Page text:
Google’s plan to digitize books and create the world’s largest digital library and bookstore has received a blow on Tuesday when the federal judge rejected Google’s $125 million class-action settlement with authors and publishers. By this ambitious plan Google was looking forward to digitizing millions of books from various libraries including rare books as well.
Google was sued by the Authors Guild and the Association of American Publishers in 2005 over its digitizing plans. however, later the authors and publishers agreed for a settlement that would have helped to bring much of the publishing industry into the digital age. But, Google’s settlement agreement was termed as a complex document. It put the burden on authors and publishers to police their works’ inclusion in the archive. It provides that Google will remove books on request, but without an explicit request, it will otherwise digitize anything it can get hold of.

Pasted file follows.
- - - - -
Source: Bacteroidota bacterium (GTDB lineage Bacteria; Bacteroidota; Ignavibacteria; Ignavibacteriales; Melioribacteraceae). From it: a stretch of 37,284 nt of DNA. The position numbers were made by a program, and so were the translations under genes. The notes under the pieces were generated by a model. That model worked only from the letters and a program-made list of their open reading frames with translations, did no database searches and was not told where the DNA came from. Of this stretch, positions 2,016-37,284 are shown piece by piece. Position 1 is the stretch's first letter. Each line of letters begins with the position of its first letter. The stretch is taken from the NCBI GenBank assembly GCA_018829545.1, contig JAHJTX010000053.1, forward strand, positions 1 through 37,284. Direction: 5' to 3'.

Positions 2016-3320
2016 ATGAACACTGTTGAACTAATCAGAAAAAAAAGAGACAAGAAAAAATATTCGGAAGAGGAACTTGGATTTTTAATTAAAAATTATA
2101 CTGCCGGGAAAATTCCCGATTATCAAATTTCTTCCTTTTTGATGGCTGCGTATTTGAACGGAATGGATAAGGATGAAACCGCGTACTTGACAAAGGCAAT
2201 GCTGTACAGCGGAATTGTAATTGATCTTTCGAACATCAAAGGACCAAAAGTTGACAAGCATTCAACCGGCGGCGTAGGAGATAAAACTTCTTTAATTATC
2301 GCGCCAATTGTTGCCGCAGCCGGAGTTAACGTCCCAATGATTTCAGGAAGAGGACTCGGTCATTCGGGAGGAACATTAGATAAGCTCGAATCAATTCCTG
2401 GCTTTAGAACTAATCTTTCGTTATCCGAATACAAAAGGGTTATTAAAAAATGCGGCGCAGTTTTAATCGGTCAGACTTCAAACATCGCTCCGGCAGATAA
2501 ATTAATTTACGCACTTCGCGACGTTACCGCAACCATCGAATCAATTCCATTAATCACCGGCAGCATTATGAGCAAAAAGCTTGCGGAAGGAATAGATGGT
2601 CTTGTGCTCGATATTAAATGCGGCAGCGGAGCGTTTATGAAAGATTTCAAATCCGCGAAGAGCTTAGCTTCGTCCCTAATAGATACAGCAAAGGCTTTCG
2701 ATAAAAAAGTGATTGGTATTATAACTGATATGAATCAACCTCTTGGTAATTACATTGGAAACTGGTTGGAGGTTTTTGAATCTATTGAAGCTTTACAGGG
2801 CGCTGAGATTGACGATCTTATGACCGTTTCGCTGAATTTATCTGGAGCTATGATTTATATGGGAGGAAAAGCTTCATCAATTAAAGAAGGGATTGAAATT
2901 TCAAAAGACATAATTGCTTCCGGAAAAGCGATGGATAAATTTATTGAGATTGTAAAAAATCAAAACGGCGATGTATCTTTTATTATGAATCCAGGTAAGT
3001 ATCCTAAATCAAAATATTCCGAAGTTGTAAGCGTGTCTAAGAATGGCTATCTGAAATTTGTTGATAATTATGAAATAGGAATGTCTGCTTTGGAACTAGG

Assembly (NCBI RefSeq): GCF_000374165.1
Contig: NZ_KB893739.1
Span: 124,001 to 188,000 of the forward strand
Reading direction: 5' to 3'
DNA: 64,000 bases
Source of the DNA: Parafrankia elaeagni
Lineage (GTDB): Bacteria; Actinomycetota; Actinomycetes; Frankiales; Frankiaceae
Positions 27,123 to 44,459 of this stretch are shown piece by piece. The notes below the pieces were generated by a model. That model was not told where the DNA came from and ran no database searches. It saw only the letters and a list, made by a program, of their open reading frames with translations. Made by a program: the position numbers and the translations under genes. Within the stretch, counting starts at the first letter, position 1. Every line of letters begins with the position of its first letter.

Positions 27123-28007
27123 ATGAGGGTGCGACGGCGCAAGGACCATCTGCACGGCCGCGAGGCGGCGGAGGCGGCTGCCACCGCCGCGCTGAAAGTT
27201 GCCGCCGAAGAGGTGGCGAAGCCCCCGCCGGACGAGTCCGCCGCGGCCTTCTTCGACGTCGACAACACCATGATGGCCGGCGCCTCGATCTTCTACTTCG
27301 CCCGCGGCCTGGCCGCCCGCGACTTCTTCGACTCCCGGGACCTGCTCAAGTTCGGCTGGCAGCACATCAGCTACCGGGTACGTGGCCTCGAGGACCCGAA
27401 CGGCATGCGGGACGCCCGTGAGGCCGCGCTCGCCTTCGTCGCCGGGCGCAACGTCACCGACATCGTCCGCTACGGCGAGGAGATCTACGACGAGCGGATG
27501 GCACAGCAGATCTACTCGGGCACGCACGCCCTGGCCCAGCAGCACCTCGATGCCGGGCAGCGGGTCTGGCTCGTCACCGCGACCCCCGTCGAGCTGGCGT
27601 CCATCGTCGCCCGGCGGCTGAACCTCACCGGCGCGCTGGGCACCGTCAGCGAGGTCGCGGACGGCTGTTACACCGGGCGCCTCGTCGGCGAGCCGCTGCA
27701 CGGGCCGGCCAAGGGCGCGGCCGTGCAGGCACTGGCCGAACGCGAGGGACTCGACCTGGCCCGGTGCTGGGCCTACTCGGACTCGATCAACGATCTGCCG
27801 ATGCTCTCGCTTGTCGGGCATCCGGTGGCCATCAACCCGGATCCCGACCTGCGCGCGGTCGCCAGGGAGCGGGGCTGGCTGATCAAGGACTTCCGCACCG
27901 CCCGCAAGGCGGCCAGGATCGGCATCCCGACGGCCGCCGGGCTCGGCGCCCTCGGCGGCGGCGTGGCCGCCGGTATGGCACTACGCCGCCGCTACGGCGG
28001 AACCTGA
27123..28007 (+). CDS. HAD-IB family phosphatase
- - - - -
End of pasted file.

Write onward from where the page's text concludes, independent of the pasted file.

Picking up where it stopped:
The deal was also opposed by companies like Amazon and Microsoft, few academics, authors, legal scholars, states and foreign governments. The Justice Department opposed the deal, fearing that it would give Google a monopoly over millions of so-called orphan works, books whose right holders are unknown or cannot be found.
Denny Chin, Judge, District Court of Southern District of New York, USA has rejected this settlement concluding that the settlement went too far in granting Google rights to profit from books without the permission of copyright owners, and that it was “not fair, adequate and reasonable”. Further, the Judge stated that “The questions of who should be entrusted with guardianship over orphan books, under what terms, and with what safeguards are matters more appropriately decided by Congress than through an agreement among private, self-interested parties”. He also feared that such settlement will result into “de-facto monopoly” of Google and the right to profit from books without permission of copyright owners. Google is yet to determine on its strategy against the decision.
Authored by Vishal Jain
Image from www.google.com